Illinois advocates and residents are celebrating a new state law that codifies protections for renters living in foreclosed properties. The law, which took effect on November 19, ensures that key protections of the federal Protecting Tenants in Foreclosure Act (PTFA), set to expire at the end of 2014, continue for Illinois residents. Housing Action Illinois, an NLIHC State Coalition Partner, the Sargent Shriver National Center on Poverty Law, and the Heartland Alliance were the primary advocates for the law’s passage. Governor Pat Quinn (D) signed the bill in September at the home of a retired Chicago police officer who took in neighbors who lost their home after their landlord’s building was foreclosed.
Since the onset of the foreclosure crisis, Housing Action has partnered with legal service providers, housing counseling agencies, and other allies to address the impact of foreclosures on homeowners and renters. Illinois continues to rank among the states with the highest number of foreclosure filings, prompting advocates to push for strengthened state laws to address the crisis.
During the Spring 2013 state legislative session, Housing Action and its partners worked with state Senator Jacqueline Collins and Representative Kelly Cassidy—the bill’s sponsors—to overcome initial opposition from multiple interests, including financial institutions, the state’s association of realtors, property owners associations, and others. Following many hours of negotiation, lobbying, and grassroots advocacy, an amended bill passed with no significant opposition.
The new state law generally requires owners of residential rental properties acquired through foreclosure to recognize leases entered into prior to foreclosure; specific caveats concern the stage of foreclosure when the lease was signed. In most cases, the law gives renters who signed leases after their foreclosure cases were initiated the right to remain in their homes for the duration of the leases, up to one year. Renters who signed leases prior to initiation may stay for the entire duration, even if it is more than one year. Oral leases also survive a foreclosure, in most cases as month-to-month tenancies. The bill also ensures that renters have adequate time to move by requiring a 90-day notice for all renters with expired or expiring written or oral lease agreements.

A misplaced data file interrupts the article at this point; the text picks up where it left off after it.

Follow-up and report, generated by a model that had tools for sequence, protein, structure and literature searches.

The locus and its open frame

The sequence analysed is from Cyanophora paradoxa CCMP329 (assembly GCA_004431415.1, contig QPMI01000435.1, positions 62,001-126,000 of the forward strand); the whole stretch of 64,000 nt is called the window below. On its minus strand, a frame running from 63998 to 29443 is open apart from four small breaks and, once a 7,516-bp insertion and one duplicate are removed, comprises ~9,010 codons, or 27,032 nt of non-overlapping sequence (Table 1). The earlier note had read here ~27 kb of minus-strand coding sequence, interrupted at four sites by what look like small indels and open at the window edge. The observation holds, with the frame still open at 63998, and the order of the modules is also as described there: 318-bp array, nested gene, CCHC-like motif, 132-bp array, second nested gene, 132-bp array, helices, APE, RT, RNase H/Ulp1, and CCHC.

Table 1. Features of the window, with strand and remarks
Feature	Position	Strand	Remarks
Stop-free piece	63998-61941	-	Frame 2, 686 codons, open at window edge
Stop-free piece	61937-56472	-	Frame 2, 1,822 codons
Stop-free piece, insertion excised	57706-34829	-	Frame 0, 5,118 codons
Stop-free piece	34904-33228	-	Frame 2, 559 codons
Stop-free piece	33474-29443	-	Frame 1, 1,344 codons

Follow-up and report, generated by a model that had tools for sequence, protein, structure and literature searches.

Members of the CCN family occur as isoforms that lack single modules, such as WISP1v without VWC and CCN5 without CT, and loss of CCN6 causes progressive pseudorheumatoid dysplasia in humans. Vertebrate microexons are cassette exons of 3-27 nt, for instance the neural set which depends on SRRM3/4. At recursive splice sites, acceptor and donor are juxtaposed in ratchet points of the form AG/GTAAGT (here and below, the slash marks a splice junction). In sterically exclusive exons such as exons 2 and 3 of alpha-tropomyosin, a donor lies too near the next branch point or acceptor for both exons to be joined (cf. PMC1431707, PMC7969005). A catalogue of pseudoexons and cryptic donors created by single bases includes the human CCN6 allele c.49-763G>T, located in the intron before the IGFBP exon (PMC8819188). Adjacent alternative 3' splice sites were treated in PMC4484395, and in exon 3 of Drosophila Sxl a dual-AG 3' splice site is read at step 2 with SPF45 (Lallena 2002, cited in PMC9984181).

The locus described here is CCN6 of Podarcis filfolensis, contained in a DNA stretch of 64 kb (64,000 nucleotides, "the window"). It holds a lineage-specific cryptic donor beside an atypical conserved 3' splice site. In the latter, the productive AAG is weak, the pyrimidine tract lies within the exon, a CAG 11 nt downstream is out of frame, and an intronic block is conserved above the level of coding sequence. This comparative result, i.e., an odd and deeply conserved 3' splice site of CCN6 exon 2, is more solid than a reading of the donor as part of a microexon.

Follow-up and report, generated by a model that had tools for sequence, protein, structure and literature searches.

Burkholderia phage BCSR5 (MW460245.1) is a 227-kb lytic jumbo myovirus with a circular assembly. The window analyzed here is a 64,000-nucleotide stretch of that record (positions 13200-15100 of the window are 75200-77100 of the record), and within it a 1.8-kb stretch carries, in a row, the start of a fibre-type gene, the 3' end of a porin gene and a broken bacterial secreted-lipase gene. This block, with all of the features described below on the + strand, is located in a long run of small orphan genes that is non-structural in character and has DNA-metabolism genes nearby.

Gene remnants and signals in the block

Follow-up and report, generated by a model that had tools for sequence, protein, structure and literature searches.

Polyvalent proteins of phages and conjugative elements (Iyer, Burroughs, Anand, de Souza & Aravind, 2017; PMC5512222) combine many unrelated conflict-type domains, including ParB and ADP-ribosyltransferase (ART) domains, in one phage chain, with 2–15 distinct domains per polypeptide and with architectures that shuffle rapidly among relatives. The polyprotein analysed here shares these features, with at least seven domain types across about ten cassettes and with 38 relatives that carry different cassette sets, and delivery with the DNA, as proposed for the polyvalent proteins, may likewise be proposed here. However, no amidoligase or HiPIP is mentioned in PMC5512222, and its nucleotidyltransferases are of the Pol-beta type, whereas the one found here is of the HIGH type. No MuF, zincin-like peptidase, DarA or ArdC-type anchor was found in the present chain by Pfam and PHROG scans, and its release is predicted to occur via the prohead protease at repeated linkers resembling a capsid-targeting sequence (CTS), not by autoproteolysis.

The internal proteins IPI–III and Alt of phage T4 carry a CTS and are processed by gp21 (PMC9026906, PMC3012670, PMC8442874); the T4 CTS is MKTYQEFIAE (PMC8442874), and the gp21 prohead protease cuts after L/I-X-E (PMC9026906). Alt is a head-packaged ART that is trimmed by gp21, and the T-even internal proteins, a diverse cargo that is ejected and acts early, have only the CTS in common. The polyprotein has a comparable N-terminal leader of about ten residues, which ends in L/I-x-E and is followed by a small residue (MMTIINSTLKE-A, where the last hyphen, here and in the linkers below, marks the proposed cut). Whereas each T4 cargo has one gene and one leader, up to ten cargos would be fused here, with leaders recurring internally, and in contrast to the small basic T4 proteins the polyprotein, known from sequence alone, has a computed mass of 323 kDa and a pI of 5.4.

Some concessions were made to ensure passage of the legislation’s key parts. For instance, the original bill included language allowing a private right of action for tenants, which would have allowed them to file legal actions seeking relief of violations. However, this provision was excluded following negotiation; however, the bill still provided affected tenants with a defense to an eviction case. Provisions to regulate and protect renters with “cash for keys” agreements, in which a renter agrees to move early in return for a cash payment from the new owner, also were deleted.
“If the federal PTFA expires December 2014, advocates wanted to make sure bona fide residents of a property in foreclosure would not face sudden eviction, if the federal law sunsets,” said Bob Palmer, Housing Action’s policy director and an NLIHC board member. “We hope that passage of the Illinois law will bolster efforts to make the federal protections permanent.”
Earlier in 2013, Chicago tenants experienced another victory with passage of the “Keep Chicago Renting Ordinance,” which goes beyond the federal and state protections for tenants in foreclosed buildings. Led by the Albany Park Neighborhood Council, a coalition of community-based groups organized renters in a two-year effort. The resulting ordinance requires banks that acquire rental units at foreclosure to act as landlords, and either let bona fide renters stay in their homes or pay them a relocation fee of $10,600.